On the sentiment-side, we can see that our entire option based indicators turned bullish or even strengthened their bullish signal recently (AII CBOE Put-/Call Ratio, AII CBOE Call-/Put Ratio Oscillator, Equity Options Call-/Put Ratio Oscillator, WSC Put-/Volume Ratio). Additionally, we can see that market sentiment in total (AII Bulls & Bears survey) remains quite pessimistic. Thus, the chances for a stronger and even longer-lasting oversold bounce remain high. On the other hand, we can see that Smart Money confirmed the sell-off from last week, whereas the WSC Capitulation Index is still indicating a risk-off market environment for the time being. Thus, we think any upcoming gains would turn out to be corrective in their nature.

Mid-Term Technical Condition

Unchanged compared to last week, the mid-term-oriented trend of the S&P 500 still looks outright negative at the moment (Global Futures Trend Index and the WSC Sector Momentum Indicator). As long as we do not see any positive momentum in the gauge of the Global Futures Trend Index it is a way too early to bet on a sustainable trend reversal. Moreover, we can see that the spread between the momentum score of the S&P 500 and the one of riskless money market within our Sector Heat Map continued to widen. To be more precise, the momentum score of riskless money market rocketed another 12 percentage points (!) last week to end at 57%. All these facts indicate that the current correction cycle is far from being over and, therefore, the S&P 500 remains at risk for further waterfall declines.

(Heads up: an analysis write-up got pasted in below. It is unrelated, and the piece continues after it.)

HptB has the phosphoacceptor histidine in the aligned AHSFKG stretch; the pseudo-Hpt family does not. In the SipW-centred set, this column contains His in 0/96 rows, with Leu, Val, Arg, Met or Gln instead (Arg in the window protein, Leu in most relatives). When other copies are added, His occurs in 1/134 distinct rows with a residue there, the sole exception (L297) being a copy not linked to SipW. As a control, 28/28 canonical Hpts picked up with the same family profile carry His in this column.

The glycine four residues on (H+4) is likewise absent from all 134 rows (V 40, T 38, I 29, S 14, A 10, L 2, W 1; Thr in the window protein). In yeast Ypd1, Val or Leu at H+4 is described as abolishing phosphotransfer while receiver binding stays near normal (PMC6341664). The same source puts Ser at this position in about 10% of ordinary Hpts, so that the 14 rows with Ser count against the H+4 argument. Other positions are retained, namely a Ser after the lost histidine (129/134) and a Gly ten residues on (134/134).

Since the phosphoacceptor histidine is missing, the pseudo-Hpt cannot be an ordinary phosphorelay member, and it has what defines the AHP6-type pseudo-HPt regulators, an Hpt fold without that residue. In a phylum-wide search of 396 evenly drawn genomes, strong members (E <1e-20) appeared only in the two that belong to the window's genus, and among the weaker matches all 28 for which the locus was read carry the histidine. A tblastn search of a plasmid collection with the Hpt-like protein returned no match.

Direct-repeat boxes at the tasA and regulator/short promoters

This picture is also confirmed by the fact that the mid-term-oriented downside participation still remains broad-based in its nature. On Friday, more than 80 percent of all U.S. listed stocks closed below their mid- to long-term oriented trendlines (SMA 100/150 and SMA 200). Additionally, we can see that our  entire advance-decline indicators (Advance-/Decline Line Daily, Advance-/Decline Line Weekly and the Advance-/Decline Volume Line) have not shown any major signs of positive divergences yet. Especially, mid-term-oriented declining issues (Advance-/Decline Index Weekly) and mid-term-oriented declining volume (Upside-/Downside Volume Index Weekly) looks too pronounced to consider a major regime shift at the moment.

Model Portfolios

Last week, there were no changes within our ETF Model Portfolios (WSC All Weather Model Portfolio, the WSC Inflation Proof Retirement Portfolio, WSC Sector Rotation Strategy).

Bottom Line

Our outlook remains unchanged compared to last week. Although the chances for a stronger and even longer-lasting oversold bounce remain intact, there is absolutely no fundamental reason to change our cautious strategic view. The current downtrend of the S&P 500 is still well backed by a broad basis and, thus, it is quite unlikely that the gauge of the Big Picture Indicator will jump back into a positive (biased) market regime any time soon. As a matter of fact, the risk-/reward ratio of a strategic investment still looks too low in that perspective.

Stay tuned!